Outer Range has captured audiences’ imaginations with its engrossing twists and turns, outlandish science fiction elements, and genre-bending action. Set predominantly in Wyoming, the location itself very much plays an important part of the story, almost as if it is another character within the show. Without the Western motif of the beautiful plains, mountains, and prairie; the small town feel of the show would not be as successful.
Outer Range follows a rancher, Royal Abbott (Josh Brolin), fighting for his land and keeping his family together. Royal eventually stumbles upon a mysterious black void in a pasture on his property, coinciding with the arrival of Autumn (Imogen Poots), a strange drifter with some sort of spiritual connection to Abbott’s ranch. While the Abbott family copes with the disappearance of their daughter-in-law Rebecca, they are pushed further to the brink when a rival family, the Tillersons, try to take over their land.
Once again however, as is often the case in Hollywood, the real magic happens behind the cameras. Cyndy McCrossen, location manager and scout for Outer Range, gave a peek behind the curtains to unlock the magician’s secret. The show is not shot in Wyoming, but New Mexico, specifically Las Vegas and some of the surrounding community. Perhaps not an unveiling worthy of David Copperfield or Harry Houdini, but McCrossen, a native New Mexican, talks about how important the community was to the show and the cast and crew especially during filming at the height of the pandemic.
McCrossen was one of three managers and eight assistant location managers for Outer Range which brought a breadth of experience within episodic television and the Western genre. One of the first things McCrossen wanted to get across was how much the large production team appreciates the town of Las Vegas.
“The town is about 13,000 people, McCrossen says. “It’s not enormous. A few of the wonderful hotels and the merchants at the time were really hurting because of COVID. So their hospitality was key”.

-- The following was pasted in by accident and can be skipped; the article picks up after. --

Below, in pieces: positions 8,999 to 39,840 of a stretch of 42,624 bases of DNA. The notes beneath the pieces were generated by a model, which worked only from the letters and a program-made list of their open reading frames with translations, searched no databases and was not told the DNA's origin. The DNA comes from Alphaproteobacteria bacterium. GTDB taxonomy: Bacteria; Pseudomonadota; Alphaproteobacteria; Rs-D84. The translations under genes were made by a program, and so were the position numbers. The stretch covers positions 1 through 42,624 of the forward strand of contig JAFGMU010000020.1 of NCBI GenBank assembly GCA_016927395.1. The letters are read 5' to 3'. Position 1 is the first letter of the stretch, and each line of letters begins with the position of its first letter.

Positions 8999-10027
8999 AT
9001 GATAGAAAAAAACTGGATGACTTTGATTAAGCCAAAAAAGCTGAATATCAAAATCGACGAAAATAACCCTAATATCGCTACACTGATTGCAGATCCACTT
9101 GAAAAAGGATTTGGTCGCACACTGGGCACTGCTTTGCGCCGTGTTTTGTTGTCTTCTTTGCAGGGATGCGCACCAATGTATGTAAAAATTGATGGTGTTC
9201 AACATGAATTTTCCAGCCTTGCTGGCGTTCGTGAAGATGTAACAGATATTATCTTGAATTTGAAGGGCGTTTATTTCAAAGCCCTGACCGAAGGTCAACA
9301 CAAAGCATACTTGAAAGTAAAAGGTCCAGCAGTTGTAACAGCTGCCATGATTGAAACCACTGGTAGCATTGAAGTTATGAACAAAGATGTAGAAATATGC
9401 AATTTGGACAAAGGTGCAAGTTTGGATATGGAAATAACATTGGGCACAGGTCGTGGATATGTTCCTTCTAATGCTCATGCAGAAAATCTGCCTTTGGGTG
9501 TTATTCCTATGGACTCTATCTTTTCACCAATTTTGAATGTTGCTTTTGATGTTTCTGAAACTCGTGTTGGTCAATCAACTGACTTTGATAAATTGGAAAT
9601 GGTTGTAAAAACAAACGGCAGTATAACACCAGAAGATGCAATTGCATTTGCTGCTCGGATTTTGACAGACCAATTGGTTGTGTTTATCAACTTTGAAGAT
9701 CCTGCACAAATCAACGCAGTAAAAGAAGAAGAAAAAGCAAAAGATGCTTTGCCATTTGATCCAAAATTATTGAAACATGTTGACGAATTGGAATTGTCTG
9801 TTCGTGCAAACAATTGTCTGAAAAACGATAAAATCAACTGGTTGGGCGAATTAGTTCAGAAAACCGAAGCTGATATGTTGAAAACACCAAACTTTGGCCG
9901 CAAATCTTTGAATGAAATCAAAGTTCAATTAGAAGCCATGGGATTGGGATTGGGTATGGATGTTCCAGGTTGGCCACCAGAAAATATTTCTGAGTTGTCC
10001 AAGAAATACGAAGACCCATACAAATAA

When the show was in full swing and COVD restrictions had somewhat lifted, McCrossen believes the crew accounted for 80% of the hotel rooms in the area. She also shared how everyone in the cast and crew would often frequent the only restaurant in town, so production sounded like a real symbiotic relationship between Hollywood and Las Vegas.
The small town of Wabang, Wyoming, (the setting for the show), is merely the downtown area of Las Vegas with a little more movie magic done in post production, with McCrossen revealing that the show added its mountains in post-production. But while the geography may not have been picture-perfect, it was the feel of Las Vegas that seemed to be the real attraction.
When asked about the early production meetings the location crew would have with creator Brian Watkins, McCrossen recalls “I don’t ever remember there being sort of a defined era for the show. It quickly becomes evident it is contemporary, but there’s a certain attraction to that aspect of being ‘forgotten by time’. For instance, the Handsome Gambler, the lounge the characters are in… that is timeless. Time is a huge component of the show, so you start showing [locations] and you can see what you know what the creator’s sensibilities gravitate towards.”